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Giovanni Antonio Pellegrini (Venice 1675-Venice 1741)

Apollo c.1718-19

Oil on canvas | 165.8 x 66.0 cm (support, canvas/panel/str external) | RCIN 405478

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  • Apollo, the sun god, stands in profile in a river landscape. He wears a laurel crown with a halo and a red cloak and holds a bow in his right hand. His left hand is raised in a gesture of surprise; he is probably witnessing the metamorphosis of the nymph Daphne, who was transformed into a laurel tree to escape Apollo's pursuit. Daphne appears in another painting by Pellegrini in the same series (RCIN 405498); it is not impossible that the two works originally formed one canvas.

    The painting is one of a series of twelve canvases of deities and mortals by Pellegrini which are all of good, autograph quality. Details of their early history and commissioning are not known, although they would seem to have been planned as a group, and were probably commissioned for an English mansion during one of Pellegrini's stays in this country (1708–13 and 1719). It is also unclear whether the series is complete. The poses of the figures suggest that the canvases were part of a decorative scheme, which was possibly arranged around three subjects; Apollo and Daphne, Pan and Syrinx and Diana and Endymion.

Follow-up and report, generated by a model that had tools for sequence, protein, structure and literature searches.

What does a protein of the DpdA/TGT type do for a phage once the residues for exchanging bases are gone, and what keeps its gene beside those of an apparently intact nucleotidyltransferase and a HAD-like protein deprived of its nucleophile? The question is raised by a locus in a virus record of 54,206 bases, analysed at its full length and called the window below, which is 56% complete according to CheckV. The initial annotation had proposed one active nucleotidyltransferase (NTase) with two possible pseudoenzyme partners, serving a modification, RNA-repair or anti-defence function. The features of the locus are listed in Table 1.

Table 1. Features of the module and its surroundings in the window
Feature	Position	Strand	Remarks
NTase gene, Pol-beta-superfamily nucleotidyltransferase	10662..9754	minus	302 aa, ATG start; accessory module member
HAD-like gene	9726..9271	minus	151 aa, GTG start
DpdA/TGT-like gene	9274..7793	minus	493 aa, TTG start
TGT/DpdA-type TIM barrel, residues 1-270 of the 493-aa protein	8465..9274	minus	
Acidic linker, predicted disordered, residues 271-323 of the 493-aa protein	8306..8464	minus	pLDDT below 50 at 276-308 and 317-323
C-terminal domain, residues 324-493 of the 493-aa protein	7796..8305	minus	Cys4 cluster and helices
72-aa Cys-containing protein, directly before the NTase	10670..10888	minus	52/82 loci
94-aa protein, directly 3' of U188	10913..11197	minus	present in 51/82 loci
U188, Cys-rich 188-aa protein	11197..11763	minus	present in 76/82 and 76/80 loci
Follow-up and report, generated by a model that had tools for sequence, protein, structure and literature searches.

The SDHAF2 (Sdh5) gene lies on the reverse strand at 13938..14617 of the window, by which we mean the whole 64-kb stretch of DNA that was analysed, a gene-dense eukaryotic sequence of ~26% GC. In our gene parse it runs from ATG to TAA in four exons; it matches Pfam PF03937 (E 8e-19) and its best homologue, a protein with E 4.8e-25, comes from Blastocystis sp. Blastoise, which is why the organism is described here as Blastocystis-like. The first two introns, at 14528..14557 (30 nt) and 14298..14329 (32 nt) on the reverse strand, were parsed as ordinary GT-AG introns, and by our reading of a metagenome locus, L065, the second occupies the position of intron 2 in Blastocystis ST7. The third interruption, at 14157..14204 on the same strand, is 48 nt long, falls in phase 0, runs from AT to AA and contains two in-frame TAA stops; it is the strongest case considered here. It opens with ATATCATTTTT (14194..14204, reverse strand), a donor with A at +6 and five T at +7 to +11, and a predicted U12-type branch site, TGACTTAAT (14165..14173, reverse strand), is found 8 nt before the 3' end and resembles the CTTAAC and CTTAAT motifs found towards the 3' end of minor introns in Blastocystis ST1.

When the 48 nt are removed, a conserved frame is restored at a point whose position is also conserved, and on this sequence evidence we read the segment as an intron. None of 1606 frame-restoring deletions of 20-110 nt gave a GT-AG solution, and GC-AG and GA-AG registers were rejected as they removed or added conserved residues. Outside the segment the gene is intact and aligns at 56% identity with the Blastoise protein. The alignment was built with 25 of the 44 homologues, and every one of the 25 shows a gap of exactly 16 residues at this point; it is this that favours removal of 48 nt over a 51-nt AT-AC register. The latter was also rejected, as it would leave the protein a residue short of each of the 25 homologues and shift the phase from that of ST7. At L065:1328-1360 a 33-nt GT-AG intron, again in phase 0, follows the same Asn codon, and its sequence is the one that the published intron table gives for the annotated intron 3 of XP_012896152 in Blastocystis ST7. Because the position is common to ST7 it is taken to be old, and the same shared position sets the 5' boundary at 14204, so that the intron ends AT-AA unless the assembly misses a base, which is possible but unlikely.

Although it is unlikely to be a royal commission, the series probably entered royal possession at a much earlier date than is first recorded, perhaps because of the imminent destruction of a house for which the pictures were originally intended. One of the series, the Sleeping Endymion, is visible on the upper wall in Philippe Mercier's 'The Music Party' of 1733 (RCIN 402414), which shows Frederick, Prince of Wales, with his three eldest sisters in a room in the Banqueting House at Hampton Court, suggesting that the pictures entered the royal collection during the reign of Queen Anne. Another possibility could be that series comes from Norfolk House; in his 'Notebooks' Vertue mentions Pellegrini's work for Portland in the hall, the staircase and one or two of the great rooms, and the house was occupied by Frederick, Prince of Wales, from 1737 to 1741.

    From a set of fourteen decorative canvases, probably acquired by Frederick, Prince of Wales; first recorded, with the rest of the series, in the Cube Room at Kensington in 1818

  • Medium and techniques

    Oil on canvas


    165.8 x 66.0 cm (support, canvas/panel/str external)

    174.0 x 75.0 x 5.0 cm (frame, external)